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How unemployed mom ‘made’ fake money

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An unemployed Pietermaritzburg mother who allegedly mastered the art of manufacturing counterfeit money after watching endless videos on Google and Instagram was recently arrested in a late night police raid.

Shobana Manipersadh, 42, appeared in the Pietermaritzburg Magistrate’s Court on charges of producing and manufacturing counterfeit money. Picture: Supplied

AN UNEMPLOYED Pietermaritzburg mother who allegedly mastered the art of manufacturing counterfeit money after watching endless videos on Google and Instagram, was recently arrested in a late night raid by police at her Bombay Road home.

Shobana Manipersadh, 42, a qualified geo-technician, appeared in the Pietermaritzburg Magistrate’s Court on Thursday on charges of producing and manufacturing counterfeit money.

She was arrested after months of surveillance of her home and several businesses on Bombay Road by members of the uMgungundlovu Crime Intelligence unit, the Mountain Rise Crime Prevention unit, the Mountain Rise K9 unit and Mi7 Security.

She was released on R1,000 bail and the matter was adjourned to later this month for further investigation.

A source close to the investigation said Manipersadh and her husband, who had been employed in the IT sector, lost their jobs during the Covid-19 pandemic. The couple have two school-going children.

Manipersadh’s job entailed her collecting and analysing geological data from rock, soil and water samples.

“In July this year they tried to sell their home but were unsuccessful. The couple were in a financial crisis. It is alleged that at this point the woman began looking at ways to make fake money,” the source added.

It has been alleged that through online searches on Google and Instagram, Manipersadh found several videos on how to manufacture fake money.

“This was an easy way of out her financial mess,” the source claimed.

In addition to manufacturing the money, Manipersadh is accused of selling the fake money to people in her suburb.

It has been alleged that she charged a R200 fee for R1,000 worth of fake notes.

The police source said they began working on the case a few months ago after receiving information that fake money was circulating in Bombay Road.

“Supermarket and tuck shop owners complained that a high volume of fake R100 and R200 notes were being used to purchase goods in their stores.”

Manipersadh allegedly used runners from the neighbourhood to purchase bread and cigarettes for her with the fake money.

“The purchases were done mostly at night. The poor lighting made it difficult for the business owners to see that the money was fake.”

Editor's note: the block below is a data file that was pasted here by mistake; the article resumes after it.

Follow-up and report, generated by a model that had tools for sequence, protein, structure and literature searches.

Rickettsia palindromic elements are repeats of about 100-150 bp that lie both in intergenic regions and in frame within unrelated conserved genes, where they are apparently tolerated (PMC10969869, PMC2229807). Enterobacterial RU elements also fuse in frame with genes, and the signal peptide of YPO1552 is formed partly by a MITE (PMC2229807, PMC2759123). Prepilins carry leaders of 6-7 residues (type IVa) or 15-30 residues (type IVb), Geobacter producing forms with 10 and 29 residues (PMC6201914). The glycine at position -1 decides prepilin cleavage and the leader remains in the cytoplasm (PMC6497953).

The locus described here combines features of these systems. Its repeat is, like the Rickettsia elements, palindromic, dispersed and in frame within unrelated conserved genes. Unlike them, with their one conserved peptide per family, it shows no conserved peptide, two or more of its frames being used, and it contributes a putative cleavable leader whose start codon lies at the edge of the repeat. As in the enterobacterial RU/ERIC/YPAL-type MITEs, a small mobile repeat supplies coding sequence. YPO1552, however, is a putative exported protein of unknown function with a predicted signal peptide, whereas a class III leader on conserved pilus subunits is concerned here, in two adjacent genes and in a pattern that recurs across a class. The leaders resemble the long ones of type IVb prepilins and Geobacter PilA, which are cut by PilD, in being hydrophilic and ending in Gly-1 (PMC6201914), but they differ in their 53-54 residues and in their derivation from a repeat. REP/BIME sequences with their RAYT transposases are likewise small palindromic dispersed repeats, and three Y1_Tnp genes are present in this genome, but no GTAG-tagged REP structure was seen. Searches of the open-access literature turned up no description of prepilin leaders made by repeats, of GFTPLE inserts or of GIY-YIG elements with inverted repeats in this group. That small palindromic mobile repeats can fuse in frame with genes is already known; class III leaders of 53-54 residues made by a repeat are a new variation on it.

Their investigations eventually led them to the suspects’ home on October 19.

“We swooped on her home in a late night raid. We found the equipment which was used to manufacture the fake money in one of the bedrooms. This included a Canon Pixma colour printer, clear nail polish, different types of ink, dyes, a cutting board, specialised coloured paper and various tools.”

It has been alleged that the process to produce the fake money included Manipersadh scanning the R100 and R200 notes and then printing them on the specialised paper.

“It is believed she then used her artistic abilities to apply the inks and dyes to the printed paper. The nail varnish was used to get a shine on the fake note to make it look authentic. Investigations show this was an intricate and labour intensive process. It could take up to two hours to make just one note,” claimed the source.

Police also seized several white envelopes with fake money at Manipersadh’s home.

“The envelopes were marked with names and ready to be sold. In one envelope there was R1,000 in counterfeit notes and the payment required was R200. In another we found R2,000 in fake notes and payment of R400 was due. In total, R2,600 worth of counterfeit money was found,” said the source.

The suspects’ phone was also seized by police.

“An analysis of her phone showed she had searched several sites on how to manufacture fake money,” the source alleged.

He said prior to Covid-19, Manipersadh was a law-abiding citizen.

“She and her family were living in their home for 15 years and paid a bond. The couple come from good, well-respected families.”

He added that the lower end of Bombay Road was plagued with crime and drugs, and the circulation of the counterfeit money had contributed to the deterioration of the local economy.

Local business owners, who did not want to be named, said the counterfeit money was destroying their businesses.

Said one tuck shop owner: “A few weeks ago a boy came to my shop to buy cigarettes, bread and sugar with a R200 note. I checked the note, it did not look right. I told the boy that he needed to go back and get another note. He returned with a R100. I then compared it with another note and (it) looked almost the same but the colour was off.

“I asked the boy where he got the money from and he pointed in the direction of the woman’s home. We are all struggling financially. Our small businesses cannot survive if fake money remains in circulation. I am glad that the police have made a breakthrough in the case.“

A supermarket owner said that the use of fake money had been a problem in the area for months.

“I have been a victim of it twice already. People use the money to buy groceries. It is difficult to tell the difference between the real and the fake.”

Another tuck shop owner said she had to get a machine to detect the fake notes.

“Before a customer pays for their goods, I ask them if the money is fake. I show them my machine. I also warn them that I would not hesitate to call the police. Unfortunately I have to resort to these tactics to survive as a small business.”

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